Why DC Universe should renew HARLEY QUINN for season 3

Harley Quinn (DC Universe)

Over the course of 26 episodes, Harley Quinn has galvanised a huge audience of fans in to following the exploits of the Queenpin of Gotham. But it’s not just the exploits of Kaley Cuoco’s Harley which audiences have flocked to watch.

Audiences in their thousands have been drawn in by the complex relationship between series leads Harley and BFF-cum-lover Poison Ivy played by Lake Bell. The series has manage to birth its own hashtag, #HarlIvy, which can regularly be found splashed all over the comments on our Instagram page.

But over the course of the thirteen episode second season I’ve had chance to interact with a number of the series’ fans and learn about why they love the show so dearly.

There are plenty who simply enjoy seeing a same-sex female couple together on screen. I mean that in a romantic way and not a pervy watching two girls together kind of way. It’s rare to see an grown up, romantic relationship between two female characters in a series like this and so Harley Quinn has absolutely broken new ground in that respect.

NB: if you want to read my reviews of each episode you can read them here.

But it has also surprised audiences in the way it has built an entirely unique version of the DC Universe based around its central character. When the series first began airing I doubt that any viewer would have told you they would come to care about Clayface (Alan Tudyk), King Shark (Ron Funches) or even the short-sighted but kind hearted Kite Man (Matt Oberg).

But learn to care is exactly what all of us in the audience has done. As the series has chosen to veer off cannon and strike its own path its done so with a number of brave choices. Season two chose to kill off two classic Batman villains in Penguin and Mr. Freeze. It also chose to follow a very different path for Joker, also portrayed by Alan Tudyk, in the wake of the season one cliffhanger.

Where other comic book inspired shows choose to follow pre-determined story arcs from the source material, Harley Quinn has chosen to use the comics as inspiration and tell a totally different story. That alone means that anyone tuning in will struggle to predict what is to come and that makes for a much more rewarding experience as a viewer.

But underneath all of the comic book hijinks lay something I truly never expected to find in an adult comedy series. Heart. A really strong heart and a sense of understanding about the characters and their human experiences. That aspect of the show would shine through incredibly across both seasons as Harley learned to move on from Joker and fell head-over-heels in love with Ivy.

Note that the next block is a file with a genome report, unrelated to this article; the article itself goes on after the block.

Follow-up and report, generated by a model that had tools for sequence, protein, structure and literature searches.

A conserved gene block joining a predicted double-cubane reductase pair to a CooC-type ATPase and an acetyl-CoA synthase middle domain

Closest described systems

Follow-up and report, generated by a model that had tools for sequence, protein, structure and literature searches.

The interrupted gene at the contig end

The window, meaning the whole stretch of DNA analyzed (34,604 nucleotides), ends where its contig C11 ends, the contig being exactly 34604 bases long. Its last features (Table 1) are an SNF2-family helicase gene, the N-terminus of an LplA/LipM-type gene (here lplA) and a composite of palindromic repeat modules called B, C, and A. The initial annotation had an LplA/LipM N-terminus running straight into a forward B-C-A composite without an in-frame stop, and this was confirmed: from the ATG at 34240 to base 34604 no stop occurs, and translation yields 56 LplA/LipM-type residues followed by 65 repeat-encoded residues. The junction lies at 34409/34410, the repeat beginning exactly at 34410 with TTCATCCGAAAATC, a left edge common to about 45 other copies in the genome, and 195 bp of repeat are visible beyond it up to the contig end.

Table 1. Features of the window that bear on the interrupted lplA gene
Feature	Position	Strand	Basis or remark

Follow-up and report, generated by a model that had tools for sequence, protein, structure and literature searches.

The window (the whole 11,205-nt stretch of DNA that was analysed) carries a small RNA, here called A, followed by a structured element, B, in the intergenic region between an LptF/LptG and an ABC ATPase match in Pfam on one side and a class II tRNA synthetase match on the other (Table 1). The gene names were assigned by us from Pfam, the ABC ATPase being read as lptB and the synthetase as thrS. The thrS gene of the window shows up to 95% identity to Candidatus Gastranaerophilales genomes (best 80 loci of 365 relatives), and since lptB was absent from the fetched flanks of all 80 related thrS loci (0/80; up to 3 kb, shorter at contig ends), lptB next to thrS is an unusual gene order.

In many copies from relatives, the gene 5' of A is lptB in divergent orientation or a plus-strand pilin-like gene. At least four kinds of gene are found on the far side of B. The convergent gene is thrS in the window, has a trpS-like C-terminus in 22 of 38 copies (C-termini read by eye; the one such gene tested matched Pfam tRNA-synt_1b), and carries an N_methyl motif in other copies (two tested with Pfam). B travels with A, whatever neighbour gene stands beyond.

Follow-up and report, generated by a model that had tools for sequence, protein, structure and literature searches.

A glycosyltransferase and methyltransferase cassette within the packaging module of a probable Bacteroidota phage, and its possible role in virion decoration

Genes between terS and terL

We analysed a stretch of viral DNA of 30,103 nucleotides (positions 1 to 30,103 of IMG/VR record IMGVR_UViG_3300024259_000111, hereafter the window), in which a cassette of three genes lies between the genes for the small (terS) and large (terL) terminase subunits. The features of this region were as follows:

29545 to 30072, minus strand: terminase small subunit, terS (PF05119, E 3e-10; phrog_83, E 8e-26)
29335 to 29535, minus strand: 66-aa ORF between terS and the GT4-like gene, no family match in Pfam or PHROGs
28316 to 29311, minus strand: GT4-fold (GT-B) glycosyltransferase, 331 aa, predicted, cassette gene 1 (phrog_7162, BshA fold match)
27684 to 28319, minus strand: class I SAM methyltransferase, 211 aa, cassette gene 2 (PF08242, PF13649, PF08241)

I’ve had plenty of in-depth discussions with fans about the lack of immediate satisfaction from the story. Plenty of fans have threatened to quit the show over taking two seasons to pair the characters up. But I would argue that the journey to where we find them in the season 2 finale, “The Runaway Bridesmaid,” makes the show a whole lot more rewarding.

With no certainty of a third season at this stage, “The Runaway Bridesmaid,” provides fans with enough closer to know that the coupling of Harley and Ivy was the endgame. But it also leaves plenty of room for more stories in the future.

Harley Quinn can continue to break new ground by having its third season focus on an external villain/story arc which doesn’t challenge the relationship between Harley and Ivy. Rarely does TV put two characters together without then throwing a series of continual hurdles to taint that happiness.

Let’s have a season where Harley and Ivy are a badass pairing doing their thing to either help or hinder the heroes of Gotham. There’s a lot to be said for exploring how a same-sex couple works well on screen, just look at Sara and Ava of DC’s Legends of Tomorrow.

But outside of Harley and Ivy there are plenty of stories to tell featuring the wider cast. At this stage we have a fully fledged Bat-family as well as Harley’s gang who all have huge potential to tell some wonderful stories within the crazy landscape of the series.

I’m not suggesting that Harley and Ivy need to take a backseat. But whilst Ivy tends to environmental concerns, what’s to stop Harley from having an adventure with King Shark? Or running around with Batman trying to defeat a common enemy? There’s also still plenty of mileage left in the relationship with Joker given the new status quo of season 2.

Joker has been left in a place where the pair have been able to move on from their toxic past. It would be interesting to see how they function both living in the same city and in comfortable relationships not with each other.

With the series coming to HBO Max in the near future and an audience rabid for more, Warner Bros. and DC Comics would Crazy not to commit to further seasons set in this world.

Harley Quinn stars Kaley Cuoco as the voice of Harley, and she’ll be joined by Lake Bell, Alan Tudyk, Ron Funches, JB Smoove, Jason Alexander, Wanda Sykes, Giancarlo Esposito, Natalie Morales, Jim Rash, Diedrich Bader, Tony Hale and Chris Meloni.

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By Neil Vagg

Neil is the GYCO Editorial Chief. He has a BA in Film & TV and an MA in Scriptwriting; he currently works 9-5 as an office manager and 5-9 as a reviewer/web designer. He has been subscribing to comics for around nine years but has been reading them as long as he can remember. Favourite comics: Batman; Nightwing, Buffy the Vampire Slayer, Teenage Mutant Ninja Turtles and All New X-Men Favourite films: Batman (any apart from & Robin); Star Trek Generations, Underworld, Beetlejuice Favourite TV shows: Fringe; Buffy, Arrow, TBBT, Being Human UK and Star Trek TNG